Domestic Lararia were also used as a sacred, protective depository for commonplace symbols of family change and continuity. In his coming-of-age, a boy gave his personal amulet (bulla) to his Lares before he put on his manly toga (toga virilis). Once his first beard had been ritually cut off, it was placed in their keeping. On the night before her wedding, a Roman girl surrendered her dolls, soft balls, and breastbands to her family Lares, as a sign she had come of age. On the day of her marriage, she transferred her allegiance to her husband's neighborhood Lares (Lares Compitalici) by paying them a copper coin en route to her new home. She paid another to her new domestic Lares, and one to her husband.

The city of Rome itself was protected by a Lar, or Lares, housed in a shrine (sacellum) on the city's ancient, sacred boundary (pomerium). Each Roman vicus (pl. vici – administrative districts or wards) had its own communal Lares, housed in a permanent shrine at a central crossroads of the district. These Lares Compitalicii were celebrated at the Compitalia festival (from the Latin compitum, a crossroad) just after the Saturnalia that closed the old year. In the "solemn and sumptuous" rites of Compitalia, a pig was led taken in celebratory procession through the streets of the vicus, then sacrificed to the Lares at their Compitalia shrine. According to Plutarch, Servius Tullius, the sixth king of Rome who was assassinated in 579 BCE, is credited with the founding of the Lares' public festival. 

Etruscan Lasa, once the support for a patera, bronze with silver inlays, 3rd - early 2nd century BCE, now in the collections of the Cleveland Museum of Art, image courtesy of the museum.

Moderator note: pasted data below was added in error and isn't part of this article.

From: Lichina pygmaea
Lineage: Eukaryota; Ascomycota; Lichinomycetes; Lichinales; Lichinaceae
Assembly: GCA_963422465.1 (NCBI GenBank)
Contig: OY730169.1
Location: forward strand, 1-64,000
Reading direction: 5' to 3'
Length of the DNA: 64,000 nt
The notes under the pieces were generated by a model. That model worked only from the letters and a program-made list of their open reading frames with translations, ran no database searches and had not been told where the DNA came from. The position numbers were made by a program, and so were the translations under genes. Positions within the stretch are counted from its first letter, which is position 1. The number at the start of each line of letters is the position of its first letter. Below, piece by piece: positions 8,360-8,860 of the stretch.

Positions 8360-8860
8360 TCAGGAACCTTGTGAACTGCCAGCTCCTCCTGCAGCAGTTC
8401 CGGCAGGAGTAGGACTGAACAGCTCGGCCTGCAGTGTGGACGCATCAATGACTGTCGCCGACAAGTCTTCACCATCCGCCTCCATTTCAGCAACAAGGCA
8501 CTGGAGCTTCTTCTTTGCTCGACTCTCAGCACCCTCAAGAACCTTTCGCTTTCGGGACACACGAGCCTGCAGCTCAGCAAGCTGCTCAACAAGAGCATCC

Dancing Roman Lare holding a rhyton and a patera. Bronze statuette, First century CE, in the collections of the Capitoline Museum, Rome. Image courtesy of Wikimedia Commons contributor Marie-Lan Nguyen.

Figurine of a Lar, 0-200 CE, at the Gallo-Roman museum, Tongeren, Belgium, courtesy of Wikimedia Commons contributor Sam Donvil.

Frescoed and columned lararium in the house of Marco Epidio Sabino in Pompeii watercolor by Luigi Bazzani. Currently housed in the Victoria and Albert Museum in London, England that I uploaded to Wikimedia Commons.

Watercolor of a red Pompeii interior with lararium by Luigi Bazzani that I uploaded to Wikimedia Commons

Lararium of the House of Dioscuri at Pompeii, 1902 watercolor by Luigi Bazzani that I uploaded to Wikimedia Commons.

Lararium in the Casa degli Amorini Dorati (House of the Golden Cupids) in Pompeii courtesy of Wikimedia Commons contributor Miguel Hermoso Cuesta

Lararium from the Casa del Efebo in Pompeii courtesy of Wikimedia Commons contributor Miguel Hermoso Cuesta

Pompeii lararium courtesy of Wikimedia Commons contributor ho visto nina volare.

An elaborate Lararium with niche from Pompeii, Roman, 1st century CE, courtesy of Wikimedia Commons contributor Claus Ableiter.

Lararium in the peristyle of the Villa Romana del Casale courtesy of Wikimedia Commons contributor José Luiz Bernardes Ribeiro.

Lararium in the Casa del Criptoportico (1.6.2), Pompeii courtesy of Wikimedia Commons contributor Maltaper

Kitchen lararium in Pompeii courtesy of Pompeii in Pictures (https://pompeiiinpictures.com/pompeiiinpictures/index.htm)

Another niche lararium from the south wall of a garden area in Pompeii courtesy of Wikimedia Commons contributor Stanley A. Jashemski.

Niche lararium from the west wall of a garden area in Pompeii courtesy of Wikimedia Commons contributor Stanley A. Jashemski and Pompeii in Pictures.

Lararium niche on west wall of peristyle garden in Pompeii courtesy of Pompeii in Pictures